Australian fisheries and aquaculture sector sees modest growth amidst export challenges

Despite short-term challenges, the mid-term outlook is bright for Australian aquaculture, projecting a 5% increase in value to AUS $2.21 billion by 2028-29, according to new government analysis.
Oyster farms on the north coast of New South Wales, Australia.

Oyster farms on the north coast of New South Wales, Australia.

Photo: Adobe Stock.

The Australian Bureau of Agricultural and Resource Economics and Sciences (ABARES) has recently unveiled its latest forecast for the country's seafood sector, projecting a modest increase in the gross value of Australian fisheries and aquaculture production this year.

The figures are set to rise by 0.5% in the 2023-24 fiscal year, reaching an estimated AUS $3.56 billion.

Dr. Jared Greenville, ABARES Executive Director, attributed this growth primarily to an uptick in the prices of wild-caught rock lobster and enhanced production volumes across various aquaculture species, including tuna, abalone, and oysters.

“Prices for salmonids, prawns, abalone and tuna are all expected to ease over this period but higher production volumes, servicing predominantly domestic consumers, will support further growth of the aquaculture sector," Greenville said in a press release announcing the report.

ABARES anticipates Australian aquaculture's value to climb by 5% in real terms by 2028-29, reaching AUS $2.21 billion and representing 64% of the total seafood production value. This growth is driven by expected production rises in various aquaculture species, with salmonid production playing a pivotal role.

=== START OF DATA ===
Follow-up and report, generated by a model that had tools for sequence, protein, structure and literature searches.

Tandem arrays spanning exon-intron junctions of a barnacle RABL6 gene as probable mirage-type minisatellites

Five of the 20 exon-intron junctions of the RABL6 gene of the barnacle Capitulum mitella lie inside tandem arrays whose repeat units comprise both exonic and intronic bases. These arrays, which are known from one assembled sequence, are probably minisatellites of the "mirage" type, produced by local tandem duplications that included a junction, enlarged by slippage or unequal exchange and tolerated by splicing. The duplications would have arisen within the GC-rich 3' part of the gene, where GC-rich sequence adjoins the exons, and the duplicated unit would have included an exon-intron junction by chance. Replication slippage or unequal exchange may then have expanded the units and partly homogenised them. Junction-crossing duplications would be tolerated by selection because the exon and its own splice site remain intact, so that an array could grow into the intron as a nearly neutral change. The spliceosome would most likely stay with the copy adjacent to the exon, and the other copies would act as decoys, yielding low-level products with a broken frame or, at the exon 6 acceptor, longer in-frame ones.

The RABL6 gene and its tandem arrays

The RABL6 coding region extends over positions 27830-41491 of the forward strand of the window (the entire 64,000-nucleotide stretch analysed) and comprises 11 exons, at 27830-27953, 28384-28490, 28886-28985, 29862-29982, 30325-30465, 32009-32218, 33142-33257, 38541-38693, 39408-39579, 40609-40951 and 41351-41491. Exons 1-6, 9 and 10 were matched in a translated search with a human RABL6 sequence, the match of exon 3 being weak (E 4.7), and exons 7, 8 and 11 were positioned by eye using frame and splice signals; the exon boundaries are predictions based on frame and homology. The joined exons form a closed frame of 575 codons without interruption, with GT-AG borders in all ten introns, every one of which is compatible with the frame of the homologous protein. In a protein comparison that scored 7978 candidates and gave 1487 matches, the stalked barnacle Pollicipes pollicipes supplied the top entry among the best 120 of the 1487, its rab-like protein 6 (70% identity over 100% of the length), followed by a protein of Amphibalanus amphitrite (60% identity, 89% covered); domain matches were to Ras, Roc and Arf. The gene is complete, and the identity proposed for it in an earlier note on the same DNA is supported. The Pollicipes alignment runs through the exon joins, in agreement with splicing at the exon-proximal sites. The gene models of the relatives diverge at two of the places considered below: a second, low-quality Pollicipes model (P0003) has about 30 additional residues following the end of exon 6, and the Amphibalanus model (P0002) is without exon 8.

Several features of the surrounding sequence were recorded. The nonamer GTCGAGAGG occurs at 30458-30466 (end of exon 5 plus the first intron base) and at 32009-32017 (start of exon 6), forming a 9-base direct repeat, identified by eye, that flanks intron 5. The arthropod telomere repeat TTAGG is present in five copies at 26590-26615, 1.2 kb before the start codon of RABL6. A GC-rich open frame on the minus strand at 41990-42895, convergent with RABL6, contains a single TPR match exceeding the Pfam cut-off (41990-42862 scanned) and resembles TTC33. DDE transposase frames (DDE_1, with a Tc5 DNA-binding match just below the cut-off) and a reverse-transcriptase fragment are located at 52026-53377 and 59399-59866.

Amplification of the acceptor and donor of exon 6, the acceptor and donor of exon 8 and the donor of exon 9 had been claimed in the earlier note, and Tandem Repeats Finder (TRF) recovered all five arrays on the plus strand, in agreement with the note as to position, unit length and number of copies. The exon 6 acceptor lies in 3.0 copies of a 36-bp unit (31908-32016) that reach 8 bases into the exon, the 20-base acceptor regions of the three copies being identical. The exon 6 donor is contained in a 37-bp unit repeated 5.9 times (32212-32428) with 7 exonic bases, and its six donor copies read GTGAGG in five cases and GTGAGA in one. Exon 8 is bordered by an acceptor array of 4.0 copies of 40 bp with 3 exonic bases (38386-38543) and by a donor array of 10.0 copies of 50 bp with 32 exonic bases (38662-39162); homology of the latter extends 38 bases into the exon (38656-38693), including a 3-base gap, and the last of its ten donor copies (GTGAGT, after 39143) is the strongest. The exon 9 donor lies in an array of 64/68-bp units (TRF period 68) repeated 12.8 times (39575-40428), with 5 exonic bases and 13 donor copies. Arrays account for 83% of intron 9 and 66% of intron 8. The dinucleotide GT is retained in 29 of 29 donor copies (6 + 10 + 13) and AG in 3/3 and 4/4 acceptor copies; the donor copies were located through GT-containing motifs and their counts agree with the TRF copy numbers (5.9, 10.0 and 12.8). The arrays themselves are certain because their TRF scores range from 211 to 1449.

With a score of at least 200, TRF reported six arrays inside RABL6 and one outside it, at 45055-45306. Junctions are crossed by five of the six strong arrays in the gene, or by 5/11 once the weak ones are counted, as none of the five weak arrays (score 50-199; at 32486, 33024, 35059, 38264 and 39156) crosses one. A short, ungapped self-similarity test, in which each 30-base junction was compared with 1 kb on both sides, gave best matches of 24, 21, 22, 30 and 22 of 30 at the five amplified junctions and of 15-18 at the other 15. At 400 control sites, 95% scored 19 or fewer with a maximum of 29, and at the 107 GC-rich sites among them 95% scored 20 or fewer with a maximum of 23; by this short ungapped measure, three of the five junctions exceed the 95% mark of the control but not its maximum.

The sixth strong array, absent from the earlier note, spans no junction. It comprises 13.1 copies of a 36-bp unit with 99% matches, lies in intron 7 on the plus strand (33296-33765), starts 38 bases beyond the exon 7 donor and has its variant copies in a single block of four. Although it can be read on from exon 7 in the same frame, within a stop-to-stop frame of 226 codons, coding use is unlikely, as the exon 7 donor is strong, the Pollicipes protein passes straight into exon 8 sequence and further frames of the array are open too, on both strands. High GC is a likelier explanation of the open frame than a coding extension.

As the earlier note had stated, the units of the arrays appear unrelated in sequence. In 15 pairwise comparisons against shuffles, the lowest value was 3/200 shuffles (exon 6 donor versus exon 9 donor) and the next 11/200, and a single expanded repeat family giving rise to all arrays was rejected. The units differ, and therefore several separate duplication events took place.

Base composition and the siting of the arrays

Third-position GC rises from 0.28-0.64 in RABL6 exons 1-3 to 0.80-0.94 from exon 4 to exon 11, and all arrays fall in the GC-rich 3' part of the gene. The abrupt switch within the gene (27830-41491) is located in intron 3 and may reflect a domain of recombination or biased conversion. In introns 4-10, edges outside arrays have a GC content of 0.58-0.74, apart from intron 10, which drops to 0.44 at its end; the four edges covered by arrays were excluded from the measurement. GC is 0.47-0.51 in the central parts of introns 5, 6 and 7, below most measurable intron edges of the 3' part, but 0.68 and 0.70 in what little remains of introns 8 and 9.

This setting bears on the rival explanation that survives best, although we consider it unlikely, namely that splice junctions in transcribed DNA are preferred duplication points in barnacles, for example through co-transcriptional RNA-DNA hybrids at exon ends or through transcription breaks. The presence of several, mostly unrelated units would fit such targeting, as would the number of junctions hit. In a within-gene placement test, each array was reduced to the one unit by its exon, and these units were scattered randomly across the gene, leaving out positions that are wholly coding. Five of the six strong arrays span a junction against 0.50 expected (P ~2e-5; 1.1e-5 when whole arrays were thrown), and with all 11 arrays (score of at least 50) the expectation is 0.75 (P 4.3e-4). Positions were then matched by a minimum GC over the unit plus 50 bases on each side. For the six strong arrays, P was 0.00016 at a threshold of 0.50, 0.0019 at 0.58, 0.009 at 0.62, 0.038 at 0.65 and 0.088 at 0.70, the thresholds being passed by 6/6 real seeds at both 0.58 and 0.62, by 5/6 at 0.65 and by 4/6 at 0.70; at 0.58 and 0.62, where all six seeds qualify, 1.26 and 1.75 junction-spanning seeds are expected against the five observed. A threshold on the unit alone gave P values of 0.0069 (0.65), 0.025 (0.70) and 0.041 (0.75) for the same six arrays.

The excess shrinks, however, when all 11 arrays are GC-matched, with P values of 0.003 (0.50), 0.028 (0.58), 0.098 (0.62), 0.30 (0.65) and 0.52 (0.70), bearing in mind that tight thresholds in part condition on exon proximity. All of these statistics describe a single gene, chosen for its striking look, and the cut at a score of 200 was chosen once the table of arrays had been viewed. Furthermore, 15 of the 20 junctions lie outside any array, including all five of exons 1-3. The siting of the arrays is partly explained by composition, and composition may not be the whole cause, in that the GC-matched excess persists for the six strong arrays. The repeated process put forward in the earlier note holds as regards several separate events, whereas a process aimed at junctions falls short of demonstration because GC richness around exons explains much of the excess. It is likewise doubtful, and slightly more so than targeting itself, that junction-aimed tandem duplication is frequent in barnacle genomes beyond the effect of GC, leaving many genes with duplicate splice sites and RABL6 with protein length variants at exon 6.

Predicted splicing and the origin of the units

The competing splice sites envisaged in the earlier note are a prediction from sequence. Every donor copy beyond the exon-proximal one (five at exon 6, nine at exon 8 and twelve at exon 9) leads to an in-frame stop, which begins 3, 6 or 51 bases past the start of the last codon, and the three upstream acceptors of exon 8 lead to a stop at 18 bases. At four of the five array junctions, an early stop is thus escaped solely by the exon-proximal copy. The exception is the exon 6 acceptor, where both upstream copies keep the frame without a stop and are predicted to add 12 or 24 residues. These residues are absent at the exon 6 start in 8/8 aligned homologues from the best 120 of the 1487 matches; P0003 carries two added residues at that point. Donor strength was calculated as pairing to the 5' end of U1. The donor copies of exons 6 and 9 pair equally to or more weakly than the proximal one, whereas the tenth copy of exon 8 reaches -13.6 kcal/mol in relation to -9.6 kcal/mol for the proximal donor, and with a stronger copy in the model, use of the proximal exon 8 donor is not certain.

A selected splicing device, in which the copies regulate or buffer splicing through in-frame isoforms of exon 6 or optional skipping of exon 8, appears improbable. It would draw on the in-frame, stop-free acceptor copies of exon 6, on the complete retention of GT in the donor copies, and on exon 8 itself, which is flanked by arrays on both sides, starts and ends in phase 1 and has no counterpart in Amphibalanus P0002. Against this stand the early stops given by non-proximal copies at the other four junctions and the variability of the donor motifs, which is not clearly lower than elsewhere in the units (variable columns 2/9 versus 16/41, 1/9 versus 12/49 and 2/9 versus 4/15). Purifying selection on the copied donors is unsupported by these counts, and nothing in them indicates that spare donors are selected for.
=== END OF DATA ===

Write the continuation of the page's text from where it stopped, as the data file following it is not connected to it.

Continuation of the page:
Mid-term outlook: softening prices but aquaculture set to grow to 64% of total seafood value

The sector is bracing for softened real average prices over the next five years, attributed to an expanding global supply and the strengthening of the Australian dollar.

Despite the nominal growth during the 2023-24 fiscal year, the real value of Australian fisheries and aquaculture production is projected to stabilize in the mid-term, averaging around AUS $3.48 billion from 2024-25 to 2028-29.

However, ABARES anticipates a promising future for aquaculture. “The value of aquaculture is projected to increase by 5% in real terms to AUS $2.21 billion by 2028–29 which will see it represent 64% of total seafood sector production value,” Greenville said.

Salmonids, prawns and tuna to boost overall production volumes by 4%

The salmonid category in particular has seen remarkable growth over the past two decades, securing a 37% share of production in 2023-24.

Although global salmonid production expansion is exerting downward pressure on prices, ABARES anticipates moderate growth in Australian production, helping to mitigate declines in other significant commodities like rock lobster and abalone, which are facing reduced real prices.

Overall, seafood production volumes are projected to rise by around 4% over the medium term, reaching 307,000 tonnes by 2028–29 — mainly due to growth in salmonids and prawn aquaculture, plus increased tuna production.

Australia's export market for seafood predicted to remain "challenging and uncertain"

However, while domestic markets show promising signs for aquaculture, the export scenario remains less favourable.

The seafood sector as a whole is expected to witness a 2% dip in export value to AUS $1.43 billion in 2023-24.

Australian seafood's international competitiveness is projected to wane, with a gradual 2% annual decrease in export value predicted, declining to AUS $1.23 billion by 2028-29.

“Conditions remain challenging and uncertain for Australian seafood exports," Greenville said.

"Not only are we seeing price falls, but climate change remains a significant uncertainty for the outlook because of the potential long-term impacts on global seafood production and trade.”

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